After their little reality check, Hannah feels compelled to – you guessed it! – host a dinner “party.” With her two friends, and Adam, her “partner in love and life.” Hannah has Marnie and Shosh over, gets through dinner as selfishly as she usually does – “No Marn, we’re not gonna talk about my book right now. This isn’t the time to discuss my incredibly exciting personal endeavor.” – and Adam says he doesn’t want to see her friends for like 3 months, at least.
Then Jessa calls, to be picked up from rehab, where she doesn’t really need to be (more on that later) and we enter episode 2: in which Hannah and Shosh and Adam take a road trip to pick up Jessa from rehab, and Hannah refuses to hike, and Adam and Hannah almost have sex with Shoshanna in the room, and Hannah tells Jessa to please stop leaving, because Jessa is the only female to whom Hannah is capable of giving genuine love, friendship, kindness, etc.
Well, I’m glad she’s taking her meds and writing words according to a schedule, but I wouldn’t exactly call this progress.
Marnie Marie Michaels (I oh-so-love the alliterative names on this show) is still dealing with the aftermath of Christopher Abbot walking off set like a baby oops I mean Charlie’s “disappearance.” She’s extremely depressed and throwing up tacos like a genuinely depressed person. And that’s basically it. Oh yeah, and she’s living with her mom (Rita Wilson) who is amazing in an insane way, and she is still pretty. Poor thing. I hope the writers give her more to do and more to learn this season.
… is in rehab. Not because she’s a drug addict or anything, but because she’s a “like a life addict,” says Hannah. JK! Because it’s all that her grandmother would pay for. If Jessa does sixty days, her grandma will pay for a plane ticket, rent, and those new shoes she wants. They’re call Uggs. From Australia. Jessa ALSO just got a divorce which, according to Shosh, made her like, even more money. I’m thinking rehab is a little more about killing time and shooting the shit for Jessa, who would rather attack “Meth-face Mindy” for wearing scrunchies, wait, no, wanting to wear scrunchies though, than address her own experience. In terms of rehabilitation, she’s mostly just talking to a new Daddy-Issues figure who, surprise surprise, wants to fuck her.
So Jessa takes her need to make mischief out on TAYSTEEEEE (who is actually named Laura in the show, and is played by the actress Danielle Brooks, who goes by Taystee in Orange Is The New Black). When the group prompts Jessa about her real feelings, she says her real feelings are that Taystee-Laura is a lesbian. Laura confesses, but says doesn’t want to be asked to “do sports” (amazing.) and has never kissed a girl. So Jessa eats her out, and the Taystee-Tasty pun floodgates burst open!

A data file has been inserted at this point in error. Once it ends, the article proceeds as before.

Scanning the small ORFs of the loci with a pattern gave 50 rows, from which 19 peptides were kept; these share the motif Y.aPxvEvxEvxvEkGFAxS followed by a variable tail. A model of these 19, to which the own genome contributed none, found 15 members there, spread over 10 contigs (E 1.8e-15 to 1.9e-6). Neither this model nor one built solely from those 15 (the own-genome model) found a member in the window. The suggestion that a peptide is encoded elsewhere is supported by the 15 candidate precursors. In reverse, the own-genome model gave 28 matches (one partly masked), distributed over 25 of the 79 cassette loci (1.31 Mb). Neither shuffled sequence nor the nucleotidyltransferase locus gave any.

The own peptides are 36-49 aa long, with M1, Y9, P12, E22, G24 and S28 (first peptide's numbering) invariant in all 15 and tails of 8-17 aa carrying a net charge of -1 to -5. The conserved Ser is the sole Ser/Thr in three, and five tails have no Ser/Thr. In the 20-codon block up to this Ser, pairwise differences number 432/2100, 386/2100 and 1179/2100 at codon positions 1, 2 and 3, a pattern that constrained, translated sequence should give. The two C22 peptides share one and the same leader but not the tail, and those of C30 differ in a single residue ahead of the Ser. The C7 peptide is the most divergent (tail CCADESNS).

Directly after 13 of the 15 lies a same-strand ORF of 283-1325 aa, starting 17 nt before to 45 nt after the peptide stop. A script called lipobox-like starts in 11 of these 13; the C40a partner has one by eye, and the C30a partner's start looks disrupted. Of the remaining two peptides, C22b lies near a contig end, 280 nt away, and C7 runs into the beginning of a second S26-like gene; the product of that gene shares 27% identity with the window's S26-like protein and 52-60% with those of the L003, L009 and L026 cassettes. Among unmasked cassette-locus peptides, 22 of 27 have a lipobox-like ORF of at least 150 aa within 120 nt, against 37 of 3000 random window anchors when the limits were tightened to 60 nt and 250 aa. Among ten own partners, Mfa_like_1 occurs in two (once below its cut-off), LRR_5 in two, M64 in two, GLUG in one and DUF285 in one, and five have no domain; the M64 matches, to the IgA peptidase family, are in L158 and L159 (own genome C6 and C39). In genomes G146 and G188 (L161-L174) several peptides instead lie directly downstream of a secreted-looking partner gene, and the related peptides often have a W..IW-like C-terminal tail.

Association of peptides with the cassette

Jessa pretty much spends the rest of the episode with her head down being told stuff about how she’s a horrible psychopath or a troubled person or a growing girl and listening selectively, until Hannah makes her cry with a seemingly genuine friendship gesture.
Okay, let’s talk about Shoshanna. A lot of people (read: critics + twitter) seem up in arms about Shoshanna’s “brain transplant.” Apparently Shoshanna, since season 2, has become superficial, money obsessed, and thinks rehab is “totally cool.” Whether or not we liked her more last season(s) when she was FALLING IN LOVE – can we all admit that people who are falling in love are usually more pleasant than people going through breakups? – and accidentally doing meth and bringing Dylan’s Candy Bar snacks to an abortion, she hasn’t changed that much. The difference is, right now she’s going through a breakup and trying to figure out her life after graduation. For anyone who’s been through that, can we agree that it’s mad stressful? Also, she’s not trying as hard to impress these girls. They used to be cool, new, older friends. Now they’re just friends. As evidenced by Shoshanna’s regular discussion of other people in her life, like the Bluberry Red Bull addict and the girl who wants a rocking chair.